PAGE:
Microorganisms make the world go ‘round. Well, that’s not strictly true—the world goes ‘round because of the gravitational pull of the sun. But, microorganisms—including bacteria, fungi, archaea, viruses, and protists—are responsible for cycling the Earth’s major elements ‘round.


Microbes figure illustration

Artwork by Elena Hartley (elabarts.com)

Just as microorganisms degrade sugars to make beer, or starch (simply a more complex sugar) to make sourdough bread, soil microbes transform carbon-based molecules into compounds delicious to the processes of the Earth system, including soil organic matter, plant available nitrogen, and respired gases like carbon dioxide and methane. These transformations are vital to planetary elemental cycling, because the first law of thermodynamics—that energy can’t be created or destroyed, merely transformed—holds true in ecosystems as well, and microbes are the Earth’s powerful, single-celled, energy-transforming machinery. 

A teaspoon of soil has the surface area of a football field. Zooming in, we can look at the microscopic world where the soil biogeochemical and microbial processes that control ecosystem productivity, crop yields, and the global soil carbon cycle begin. It is a rugged terrain with sharp peaks and winding caverns, teeming with millions of microbes from thousands of species. Microbes compete and cooperate with one another and fall prey to soil animals including single-celled amoebae, worm-like nematodes, and tiny insects, many of whom also prey on one another. The apex predators of this intricate soil food web include arthropods no larger than a grain of rice.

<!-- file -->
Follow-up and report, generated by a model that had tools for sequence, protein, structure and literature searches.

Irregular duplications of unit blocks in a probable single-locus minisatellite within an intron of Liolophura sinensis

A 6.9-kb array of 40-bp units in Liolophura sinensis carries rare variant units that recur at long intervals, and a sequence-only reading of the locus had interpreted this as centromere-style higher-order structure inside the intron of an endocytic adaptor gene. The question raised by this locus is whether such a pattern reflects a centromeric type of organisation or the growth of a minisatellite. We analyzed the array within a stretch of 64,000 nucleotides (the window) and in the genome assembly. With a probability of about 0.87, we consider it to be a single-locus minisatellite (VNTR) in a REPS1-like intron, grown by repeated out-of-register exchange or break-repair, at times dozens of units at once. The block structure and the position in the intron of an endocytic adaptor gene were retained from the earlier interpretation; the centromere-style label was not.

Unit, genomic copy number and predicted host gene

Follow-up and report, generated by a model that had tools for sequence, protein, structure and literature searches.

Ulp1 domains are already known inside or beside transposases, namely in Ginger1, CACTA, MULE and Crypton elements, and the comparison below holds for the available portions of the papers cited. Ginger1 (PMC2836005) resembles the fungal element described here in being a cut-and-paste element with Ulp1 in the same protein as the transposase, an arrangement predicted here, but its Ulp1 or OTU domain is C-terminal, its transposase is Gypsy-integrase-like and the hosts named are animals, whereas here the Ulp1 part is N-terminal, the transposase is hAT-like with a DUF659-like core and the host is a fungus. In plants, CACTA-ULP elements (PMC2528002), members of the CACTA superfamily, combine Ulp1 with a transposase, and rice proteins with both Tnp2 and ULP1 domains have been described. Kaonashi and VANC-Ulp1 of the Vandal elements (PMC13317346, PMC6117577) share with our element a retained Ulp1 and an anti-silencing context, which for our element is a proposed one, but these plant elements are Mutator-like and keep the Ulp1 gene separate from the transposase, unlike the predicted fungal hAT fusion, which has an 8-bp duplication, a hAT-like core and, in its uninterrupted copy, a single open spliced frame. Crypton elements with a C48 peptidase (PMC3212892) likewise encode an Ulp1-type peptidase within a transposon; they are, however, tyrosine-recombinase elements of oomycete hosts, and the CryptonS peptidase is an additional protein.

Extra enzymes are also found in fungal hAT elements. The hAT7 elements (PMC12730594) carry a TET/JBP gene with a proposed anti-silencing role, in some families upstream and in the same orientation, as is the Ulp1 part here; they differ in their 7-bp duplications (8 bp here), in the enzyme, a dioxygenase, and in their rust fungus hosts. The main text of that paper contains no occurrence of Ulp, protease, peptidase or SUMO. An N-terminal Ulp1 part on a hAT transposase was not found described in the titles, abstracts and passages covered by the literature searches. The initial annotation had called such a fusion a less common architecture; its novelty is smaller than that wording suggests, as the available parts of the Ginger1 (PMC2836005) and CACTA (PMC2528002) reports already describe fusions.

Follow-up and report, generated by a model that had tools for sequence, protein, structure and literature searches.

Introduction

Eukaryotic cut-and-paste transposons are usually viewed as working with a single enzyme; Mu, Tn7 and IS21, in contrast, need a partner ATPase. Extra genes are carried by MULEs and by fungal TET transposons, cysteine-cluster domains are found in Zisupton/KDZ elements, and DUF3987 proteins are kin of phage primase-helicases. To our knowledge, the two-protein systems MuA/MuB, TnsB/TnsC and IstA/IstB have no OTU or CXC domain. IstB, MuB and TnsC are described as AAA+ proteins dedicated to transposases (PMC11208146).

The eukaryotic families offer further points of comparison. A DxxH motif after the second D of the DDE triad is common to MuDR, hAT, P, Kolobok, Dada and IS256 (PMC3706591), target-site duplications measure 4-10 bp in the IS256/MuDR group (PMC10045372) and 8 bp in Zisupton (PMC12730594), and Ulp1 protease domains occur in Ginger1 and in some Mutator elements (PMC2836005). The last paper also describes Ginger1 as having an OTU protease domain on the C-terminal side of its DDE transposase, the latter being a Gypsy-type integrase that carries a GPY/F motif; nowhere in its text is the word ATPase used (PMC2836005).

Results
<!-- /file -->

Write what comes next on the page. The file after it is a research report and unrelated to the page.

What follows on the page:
Researcher collecting soil samples from under fall leaves

All of these interactions between the microbes, larger organisms, and soil surfaces are happening at the scales of a nanometer or less. As we scale out from the truly microscopic to somewhat larger scales, these biogeochemical interactions between organisms and soil minerals are further influenced by the presence of plant roots and their special plant symbiotic fungi known as mycorrhizae. Plants pump carbon below ground where microbes can use it, hide it among the peaks and valleys or transfer it back to the atmosphere as greenhouse gases.